On the Chaiwalla and Media Exploitation

I was asked to comment on the now-famous Chaiwalla by the AFP; I’m quoted in this column here (I’m slightly alarmed to be in the Daily Mail and Breitbart but that’s another story).

“We are more used to seeing this happen to women, it is still creepy whan it happens to a boy,” feminist columnist Bina Shah told AFP.

“Just because people are bored does not mean you can play with someone’s life.”

My comments as quoted have to do with the objectification of this young man, which I stated is as wrong as when it is a woman who is objectified physically or sexually.  Many people mistakenly believe that feminists want reverse sexism, where men or boys are treated unequally to women, but this simply isn’t true. Feminists want equality, where objectification is considered wrong whether it happens to a man or a woman, a girl or a boy.

However, the second part of my quote is the one I want to expand on here. It seems we’ve learned nothing from the death of Qandeel Baloch when it comes to media exploitation. The media pretty much brought about the death of Qandeel Baloch by over-exposing her; investigating her background, going to her home in Multan, flashing her personal documents on the screen. Her real name and her family details were also aired on television. And later, she was dead.

Baloch sought media fame, and she sought to exploit the public’s gaze. But the media exploited her far more for sensationalism and ratings. And I fear that the media has done the same thing to the Chaiwallah, whose real name and age was quickly discovered and broadcast on the Internet. Media teams were then dispatched to his place of work, and he was interviewed for television. By evening he was said to have a modeling contract and appeared at a television channel in a suit with his hair gelled and pouffed up in a hideous makeover that he didn’t need in the first place.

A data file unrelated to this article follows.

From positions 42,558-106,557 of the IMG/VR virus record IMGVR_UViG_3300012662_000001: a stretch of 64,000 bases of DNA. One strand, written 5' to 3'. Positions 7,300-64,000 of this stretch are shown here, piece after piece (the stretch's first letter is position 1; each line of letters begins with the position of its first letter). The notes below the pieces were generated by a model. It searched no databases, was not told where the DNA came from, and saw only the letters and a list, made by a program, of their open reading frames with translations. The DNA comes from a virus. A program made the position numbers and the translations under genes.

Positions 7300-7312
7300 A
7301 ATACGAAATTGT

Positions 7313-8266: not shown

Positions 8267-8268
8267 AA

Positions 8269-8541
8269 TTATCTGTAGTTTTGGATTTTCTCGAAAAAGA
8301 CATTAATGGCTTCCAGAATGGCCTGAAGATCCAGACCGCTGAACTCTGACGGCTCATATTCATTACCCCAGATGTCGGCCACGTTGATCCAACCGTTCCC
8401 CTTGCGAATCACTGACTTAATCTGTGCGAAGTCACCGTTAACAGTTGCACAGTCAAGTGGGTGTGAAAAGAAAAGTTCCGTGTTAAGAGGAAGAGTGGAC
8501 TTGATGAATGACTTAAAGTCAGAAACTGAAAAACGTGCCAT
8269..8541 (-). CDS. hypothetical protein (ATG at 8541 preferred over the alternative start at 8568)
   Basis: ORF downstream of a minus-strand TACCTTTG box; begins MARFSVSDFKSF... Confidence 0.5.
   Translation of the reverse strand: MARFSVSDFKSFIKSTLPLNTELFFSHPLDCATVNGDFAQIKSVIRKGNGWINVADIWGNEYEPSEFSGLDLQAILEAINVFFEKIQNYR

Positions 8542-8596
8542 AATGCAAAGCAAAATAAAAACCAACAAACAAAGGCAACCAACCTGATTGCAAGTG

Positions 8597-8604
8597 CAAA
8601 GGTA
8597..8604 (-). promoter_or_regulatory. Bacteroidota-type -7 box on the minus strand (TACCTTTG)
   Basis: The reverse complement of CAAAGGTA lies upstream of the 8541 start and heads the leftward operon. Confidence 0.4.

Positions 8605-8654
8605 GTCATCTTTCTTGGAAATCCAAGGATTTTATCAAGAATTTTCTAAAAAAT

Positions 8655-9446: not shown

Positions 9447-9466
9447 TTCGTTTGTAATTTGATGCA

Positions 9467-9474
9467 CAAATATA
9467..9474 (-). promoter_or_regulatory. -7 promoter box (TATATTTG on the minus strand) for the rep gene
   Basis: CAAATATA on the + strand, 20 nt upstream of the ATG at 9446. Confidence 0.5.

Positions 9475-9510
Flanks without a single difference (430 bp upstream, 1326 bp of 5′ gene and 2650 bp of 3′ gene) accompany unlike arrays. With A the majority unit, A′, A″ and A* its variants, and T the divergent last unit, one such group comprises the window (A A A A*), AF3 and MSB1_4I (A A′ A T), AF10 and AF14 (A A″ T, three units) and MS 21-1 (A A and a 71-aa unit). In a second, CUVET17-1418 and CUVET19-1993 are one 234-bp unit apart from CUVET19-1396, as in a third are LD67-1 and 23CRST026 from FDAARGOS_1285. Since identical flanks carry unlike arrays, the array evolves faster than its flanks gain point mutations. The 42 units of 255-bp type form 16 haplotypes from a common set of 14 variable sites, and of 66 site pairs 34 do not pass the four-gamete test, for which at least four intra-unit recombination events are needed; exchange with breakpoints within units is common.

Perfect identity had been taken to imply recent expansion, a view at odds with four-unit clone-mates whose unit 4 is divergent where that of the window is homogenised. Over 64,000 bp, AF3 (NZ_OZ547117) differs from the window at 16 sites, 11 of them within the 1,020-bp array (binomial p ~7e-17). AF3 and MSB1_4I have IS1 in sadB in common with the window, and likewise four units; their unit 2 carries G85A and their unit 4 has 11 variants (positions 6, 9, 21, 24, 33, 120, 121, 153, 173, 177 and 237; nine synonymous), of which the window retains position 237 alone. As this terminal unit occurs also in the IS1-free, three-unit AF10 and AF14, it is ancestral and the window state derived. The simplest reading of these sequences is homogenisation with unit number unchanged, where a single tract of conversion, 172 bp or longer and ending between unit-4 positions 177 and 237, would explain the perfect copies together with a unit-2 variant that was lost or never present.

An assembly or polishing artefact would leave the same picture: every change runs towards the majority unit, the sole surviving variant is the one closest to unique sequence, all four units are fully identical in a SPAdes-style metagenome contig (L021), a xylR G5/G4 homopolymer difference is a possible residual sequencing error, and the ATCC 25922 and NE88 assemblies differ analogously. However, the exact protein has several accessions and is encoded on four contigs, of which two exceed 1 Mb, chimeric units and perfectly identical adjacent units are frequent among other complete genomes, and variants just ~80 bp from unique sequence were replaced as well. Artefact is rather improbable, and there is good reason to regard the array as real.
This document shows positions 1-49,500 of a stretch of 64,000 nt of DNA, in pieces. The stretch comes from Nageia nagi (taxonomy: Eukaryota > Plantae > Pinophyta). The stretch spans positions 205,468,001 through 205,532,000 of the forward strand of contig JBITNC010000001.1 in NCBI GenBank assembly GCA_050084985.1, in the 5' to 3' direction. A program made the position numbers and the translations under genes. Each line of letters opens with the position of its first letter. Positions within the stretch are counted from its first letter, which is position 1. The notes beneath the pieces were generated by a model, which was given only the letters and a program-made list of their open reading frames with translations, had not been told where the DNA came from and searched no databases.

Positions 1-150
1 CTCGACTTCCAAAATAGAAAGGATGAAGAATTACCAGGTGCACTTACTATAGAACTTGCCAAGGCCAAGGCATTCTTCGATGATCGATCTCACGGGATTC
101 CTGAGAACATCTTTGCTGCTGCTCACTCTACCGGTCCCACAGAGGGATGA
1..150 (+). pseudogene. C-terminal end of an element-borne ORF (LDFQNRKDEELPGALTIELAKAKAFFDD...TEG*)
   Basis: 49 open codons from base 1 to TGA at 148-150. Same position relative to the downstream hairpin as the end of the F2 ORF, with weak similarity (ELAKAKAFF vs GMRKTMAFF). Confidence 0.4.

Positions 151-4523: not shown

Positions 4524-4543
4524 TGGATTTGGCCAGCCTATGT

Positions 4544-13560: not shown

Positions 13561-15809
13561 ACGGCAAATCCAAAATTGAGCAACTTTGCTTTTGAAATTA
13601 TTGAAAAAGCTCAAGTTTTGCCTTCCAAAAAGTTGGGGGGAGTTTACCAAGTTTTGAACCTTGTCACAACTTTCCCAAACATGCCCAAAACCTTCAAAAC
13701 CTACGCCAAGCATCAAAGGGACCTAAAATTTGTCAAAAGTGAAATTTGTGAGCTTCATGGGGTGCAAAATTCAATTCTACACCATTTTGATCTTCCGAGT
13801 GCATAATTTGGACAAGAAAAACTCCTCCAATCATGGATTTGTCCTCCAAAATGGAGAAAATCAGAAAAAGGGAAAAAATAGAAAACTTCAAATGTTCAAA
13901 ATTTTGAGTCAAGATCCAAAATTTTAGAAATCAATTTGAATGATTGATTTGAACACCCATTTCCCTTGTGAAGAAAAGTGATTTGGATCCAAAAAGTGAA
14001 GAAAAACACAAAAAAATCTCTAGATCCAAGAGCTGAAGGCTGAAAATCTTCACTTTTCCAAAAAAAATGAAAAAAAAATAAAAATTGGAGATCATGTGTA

The 18 year old, who doesn’t own a phone and can’t read or write, seemed bemused by the attention, and gamely went along with the media when they asked him if he’d consider doing film or television. The media on their part seemed ravenous to discover and create a new star, one whom they could control and puppet to their heart’s delight. Have they given one minute’s thought to what effect their sudden attentions could have on this man’s life? The fact that they stripped him of his privacy? That people were passing comment and judgment on his clothes, his accent, his education or lack of it?

Had he even given his consent for the original photograph to be posted on Instagram in the first place?

And why modeling or acting? Why not a place in a decent school or college, a better job, a better future?

Of course the public wants a Cinderella, male or female, a rags to riches story. But they want to feel that they bestowed it upon him, that they had a hand in determining his fate. Will they care if he’s sexually exploited as a young model, which happens with frequency here? Will they ensure that his paychecks go to him and not to unscrupulous “agents” or “bookers”? Will they lash out at him if the young man refuses the “job offers” and just wants to be a private person earning a private living?

We don’t reflect on these issues because what matters more to us is being struck by the thunderbolt of instant fame. Viral photos. Memes. Microphones and cameras thrust in the faces of the innocent and the unaware.

I’m very much reminded of the Afghan girl whose face appeared on the cover of National Geographic. Her unusual eyes also brought her to the attention of the world. But at what cost? And what benefit to her?




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